Soil Systems Farm

Project Highlights

A New Vision for Vegetable Production

- natural biological farming practices sets new records for Australia

Yields for tomatoes, chillies and capsicums in Far North Queensland, Australia have increased by 260-330% following the adoption of 3000 year old organic farming practices. Soil Systems Australia has been at the forefront of designing farming systems since 1999 that work with nature rather than attempt to control it.
Yields for chillies have exceeded the normal 1kg/plant coming in at over 3kg per plant. Following the adoption of “Composting for Soil Type Technology”, nutrients have become more bio-available. By utilising local waste materials and applying the right nutrients, crop stress has been significantly reduced. This helps the plant reach its genetic potential and minimise expensive flower abortions.

Chillis

Kurdistan develops local composting facility

Soil Systems Australia has been involved in setting up and developing a regional composting facility outside Erbil, Kurdistan. By utilising local valuable waste materials, our client produces the only compost in this challenging region of Northern Iraq. The benefits to poor soils in the local community are significant.

Erbil, Iraq

Sustainable Waste Water Use – Rendering Plants

Soil Systems Australia has been at the forefront of sustainable water use at rendering plants since 2006. By developing Irrigation Management Plans for the use of wastewater, we have been able to minimise nutrient and hydraulic loading across client’s properties – thus avoiding regulatory intervention.

Romanian Organic Production Project

Since 2009, Soil Systems Australia has been involved in designing one of Europe’s largest irrigated organic farming operations. The management project involves the selection of enterprises, crop rotations, equipment, soil management and financials. The implementation of the project is due to begin in late 2013.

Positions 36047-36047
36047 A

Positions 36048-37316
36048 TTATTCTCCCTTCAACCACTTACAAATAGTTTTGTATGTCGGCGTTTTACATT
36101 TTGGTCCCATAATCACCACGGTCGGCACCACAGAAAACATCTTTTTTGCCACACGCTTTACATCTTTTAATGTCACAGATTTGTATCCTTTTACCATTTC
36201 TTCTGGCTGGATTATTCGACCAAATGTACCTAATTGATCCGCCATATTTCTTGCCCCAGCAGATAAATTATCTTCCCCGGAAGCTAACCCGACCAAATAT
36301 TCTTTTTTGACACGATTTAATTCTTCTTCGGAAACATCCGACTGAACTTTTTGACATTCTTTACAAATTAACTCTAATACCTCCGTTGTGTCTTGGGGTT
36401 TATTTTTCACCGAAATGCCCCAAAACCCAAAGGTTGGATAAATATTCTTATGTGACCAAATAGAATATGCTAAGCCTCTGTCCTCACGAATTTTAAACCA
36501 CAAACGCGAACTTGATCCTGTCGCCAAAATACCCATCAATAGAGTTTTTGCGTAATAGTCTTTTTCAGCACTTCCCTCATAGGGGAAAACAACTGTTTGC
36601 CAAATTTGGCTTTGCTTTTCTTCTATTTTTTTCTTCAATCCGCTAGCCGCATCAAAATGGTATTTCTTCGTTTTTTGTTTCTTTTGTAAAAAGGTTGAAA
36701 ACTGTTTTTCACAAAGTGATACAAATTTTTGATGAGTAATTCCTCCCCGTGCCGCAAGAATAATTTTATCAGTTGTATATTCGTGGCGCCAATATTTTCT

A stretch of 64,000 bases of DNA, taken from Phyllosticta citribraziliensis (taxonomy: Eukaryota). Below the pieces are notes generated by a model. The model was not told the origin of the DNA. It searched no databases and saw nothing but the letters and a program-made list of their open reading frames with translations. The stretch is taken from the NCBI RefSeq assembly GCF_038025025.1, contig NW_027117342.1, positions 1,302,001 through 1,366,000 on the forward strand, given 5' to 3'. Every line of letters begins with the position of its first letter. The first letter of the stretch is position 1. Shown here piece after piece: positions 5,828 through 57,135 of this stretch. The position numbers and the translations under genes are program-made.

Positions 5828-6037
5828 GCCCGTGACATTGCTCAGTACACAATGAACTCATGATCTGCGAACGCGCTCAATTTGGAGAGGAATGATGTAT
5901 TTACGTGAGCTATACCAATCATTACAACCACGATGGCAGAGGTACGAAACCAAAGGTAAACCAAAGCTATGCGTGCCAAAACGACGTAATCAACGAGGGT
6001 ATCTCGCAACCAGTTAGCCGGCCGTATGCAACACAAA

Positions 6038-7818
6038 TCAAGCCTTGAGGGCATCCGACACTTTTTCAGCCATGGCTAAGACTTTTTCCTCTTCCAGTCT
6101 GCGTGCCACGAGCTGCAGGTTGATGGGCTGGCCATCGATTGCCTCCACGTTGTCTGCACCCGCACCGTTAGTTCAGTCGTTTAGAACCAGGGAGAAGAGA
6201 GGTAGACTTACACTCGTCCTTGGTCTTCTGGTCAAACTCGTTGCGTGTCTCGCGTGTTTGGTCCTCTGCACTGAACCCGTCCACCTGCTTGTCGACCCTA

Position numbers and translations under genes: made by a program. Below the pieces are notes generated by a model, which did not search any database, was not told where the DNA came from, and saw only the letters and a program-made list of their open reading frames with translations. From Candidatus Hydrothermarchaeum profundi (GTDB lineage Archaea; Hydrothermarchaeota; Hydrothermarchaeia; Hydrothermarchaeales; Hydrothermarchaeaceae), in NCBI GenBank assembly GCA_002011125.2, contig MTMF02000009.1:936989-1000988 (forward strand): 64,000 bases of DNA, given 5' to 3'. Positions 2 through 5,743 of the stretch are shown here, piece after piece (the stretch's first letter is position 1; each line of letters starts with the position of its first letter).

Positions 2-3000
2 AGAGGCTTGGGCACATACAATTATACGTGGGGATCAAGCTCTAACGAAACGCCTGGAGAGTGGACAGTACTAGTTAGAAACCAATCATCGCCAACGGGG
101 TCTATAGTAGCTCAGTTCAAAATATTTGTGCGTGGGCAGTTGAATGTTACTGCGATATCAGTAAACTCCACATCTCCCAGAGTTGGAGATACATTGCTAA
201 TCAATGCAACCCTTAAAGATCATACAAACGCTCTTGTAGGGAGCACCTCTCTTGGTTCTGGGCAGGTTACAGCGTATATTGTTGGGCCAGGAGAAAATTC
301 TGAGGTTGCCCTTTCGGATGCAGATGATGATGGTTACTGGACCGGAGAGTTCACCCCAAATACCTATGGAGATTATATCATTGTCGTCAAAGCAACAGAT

Soils in Action Workshop – Series 2

In 2012, Sub Tropical Dairy funded the first series of Soil Health workshops were held to assist dairy producers in South East Queensland, Australia. These workshops concentrated on key issues like soil structure, healthy root development, feed palatability, developing you own soil programme, herd health, local resources, soil biology and its management and quality feed production.

In 2013, the second series will concentrate on improving pasture production and herd health through the use of established soil health principles and innovative developments. These agronomic principles are aimed at dramatically reducing the cost of dairy production.

 

Biological Sugarcane yields exceeding 200 tonnes per hectare with 50% less fertiliser

Biological sugar production incorporates the best aspects of conventional and organic farming. By combining directed nutrition with soil humus building practices, root systems can expand by up to 600% leading to less plant stress. The end result is even sugar cane production, high sugar content and high yields. The photo below shows a first year crop that yielded 201 tonnes/ha and used 50% less fertiliser. This was despite the soil carbon levels being only 0.5%.

Mine Rehabilitation

Successful mine rehabilitation depends entirely on matching the right soil management practice with the soil types present at the mine site. Coupled with the correct crop, pasture and native seed mix, the rehabilitation soil management programme focusses on minimising runoff and erosion, increasing water infiltration and maximising root development through providing adequate nutrition with beneficial organic compounds. The improved soil health leads to diverse soil life, birds and wildlife. The economic benefits are considerable as steeper slopes can be rehabilitated with less post production movement of material.

rehab